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Old 05-21-2007, 12:41 AM   #50
Ellis Amdur
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Location: Seattle
Join Date: May 2003
Posts: 934
Re: Parsing ai ki do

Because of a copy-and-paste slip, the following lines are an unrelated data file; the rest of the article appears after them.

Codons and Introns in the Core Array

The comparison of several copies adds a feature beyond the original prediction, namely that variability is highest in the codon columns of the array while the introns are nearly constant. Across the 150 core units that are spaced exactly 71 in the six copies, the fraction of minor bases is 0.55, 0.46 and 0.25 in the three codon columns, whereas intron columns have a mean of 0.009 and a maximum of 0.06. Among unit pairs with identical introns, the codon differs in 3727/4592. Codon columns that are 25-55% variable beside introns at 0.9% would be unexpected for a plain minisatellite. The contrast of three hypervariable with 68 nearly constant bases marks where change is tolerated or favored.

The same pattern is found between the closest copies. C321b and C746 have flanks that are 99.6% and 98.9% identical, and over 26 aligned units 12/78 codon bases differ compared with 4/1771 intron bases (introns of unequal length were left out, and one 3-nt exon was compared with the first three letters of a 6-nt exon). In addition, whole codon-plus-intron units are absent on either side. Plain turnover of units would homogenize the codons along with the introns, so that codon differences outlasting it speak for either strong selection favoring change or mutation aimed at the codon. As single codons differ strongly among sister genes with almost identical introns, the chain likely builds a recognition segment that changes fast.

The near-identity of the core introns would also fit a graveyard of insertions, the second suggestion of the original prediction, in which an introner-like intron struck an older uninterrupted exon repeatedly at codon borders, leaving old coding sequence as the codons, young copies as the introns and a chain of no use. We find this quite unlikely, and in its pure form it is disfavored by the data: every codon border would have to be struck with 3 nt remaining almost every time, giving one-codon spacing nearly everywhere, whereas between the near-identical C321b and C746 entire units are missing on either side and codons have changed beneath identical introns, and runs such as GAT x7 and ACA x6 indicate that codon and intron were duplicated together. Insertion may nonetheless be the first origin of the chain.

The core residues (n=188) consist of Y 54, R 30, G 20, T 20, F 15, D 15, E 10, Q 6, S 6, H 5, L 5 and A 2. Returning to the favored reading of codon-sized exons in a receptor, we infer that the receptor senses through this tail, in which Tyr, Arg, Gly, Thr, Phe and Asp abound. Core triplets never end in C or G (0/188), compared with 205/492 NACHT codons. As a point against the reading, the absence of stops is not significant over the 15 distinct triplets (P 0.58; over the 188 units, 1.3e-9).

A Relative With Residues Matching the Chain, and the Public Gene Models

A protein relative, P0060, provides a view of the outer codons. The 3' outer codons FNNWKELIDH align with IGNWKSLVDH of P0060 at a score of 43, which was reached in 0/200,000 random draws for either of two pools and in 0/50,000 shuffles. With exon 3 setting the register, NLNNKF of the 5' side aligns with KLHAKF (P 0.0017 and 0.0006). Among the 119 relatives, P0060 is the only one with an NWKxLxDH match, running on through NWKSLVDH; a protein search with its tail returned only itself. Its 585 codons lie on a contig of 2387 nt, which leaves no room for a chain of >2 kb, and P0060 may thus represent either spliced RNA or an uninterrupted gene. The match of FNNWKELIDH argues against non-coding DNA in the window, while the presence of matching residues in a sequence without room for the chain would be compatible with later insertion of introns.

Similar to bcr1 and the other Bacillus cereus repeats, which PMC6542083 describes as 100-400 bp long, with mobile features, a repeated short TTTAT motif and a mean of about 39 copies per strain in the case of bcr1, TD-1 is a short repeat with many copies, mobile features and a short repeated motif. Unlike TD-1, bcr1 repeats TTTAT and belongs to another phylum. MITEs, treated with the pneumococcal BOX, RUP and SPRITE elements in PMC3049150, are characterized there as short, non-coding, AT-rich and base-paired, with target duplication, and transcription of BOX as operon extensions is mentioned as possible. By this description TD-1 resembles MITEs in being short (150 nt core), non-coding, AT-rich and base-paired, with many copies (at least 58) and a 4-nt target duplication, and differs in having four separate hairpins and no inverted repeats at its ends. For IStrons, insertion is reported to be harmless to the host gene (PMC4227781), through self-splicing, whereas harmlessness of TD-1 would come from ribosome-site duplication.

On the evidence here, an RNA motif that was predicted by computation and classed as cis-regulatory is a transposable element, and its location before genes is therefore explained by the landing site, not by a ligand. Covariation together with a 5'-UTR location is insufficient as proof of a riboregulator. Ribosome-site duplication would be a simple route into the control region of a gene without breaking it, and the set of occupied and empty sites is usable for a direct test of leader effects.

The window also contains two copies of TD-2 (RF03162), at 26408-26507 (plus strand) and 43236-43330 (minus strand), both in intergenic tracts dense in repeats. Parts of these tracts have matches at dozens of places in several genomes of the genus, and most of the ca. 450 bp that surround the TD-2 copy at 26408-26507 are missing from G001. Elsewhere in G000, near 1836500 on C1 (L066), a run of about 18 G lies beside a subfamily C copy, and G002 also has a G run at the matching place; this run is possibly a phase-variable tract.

One line of Toda-ryu, founded shortly before 1600, became the family naginata style of the Suneya family. There are no documents, however, before the mid-1800's, when Suneya Rosuke and Suneya Satoko did a reorganization and public release of their version of the art - Toda-ha Buko-ryu. Relevant to this discussion is that within the chuden level kata is a section referred to as Aiki no Koto. This referred to a set of kata in which the kusarigama (uketachi) opposed naginata (shitachi), a most improbable match. It is obvious within the kata that the kusarigama is used to force the naginata to cut in certain exact angles. Precision is taught with the "threat" that if the naginata fails, s/he will hit the kusarigama wielder (teacher or senior) on the head or hands. In this case, "aiki" - used as a phrase long before Daito-ryu - means "fitting together."


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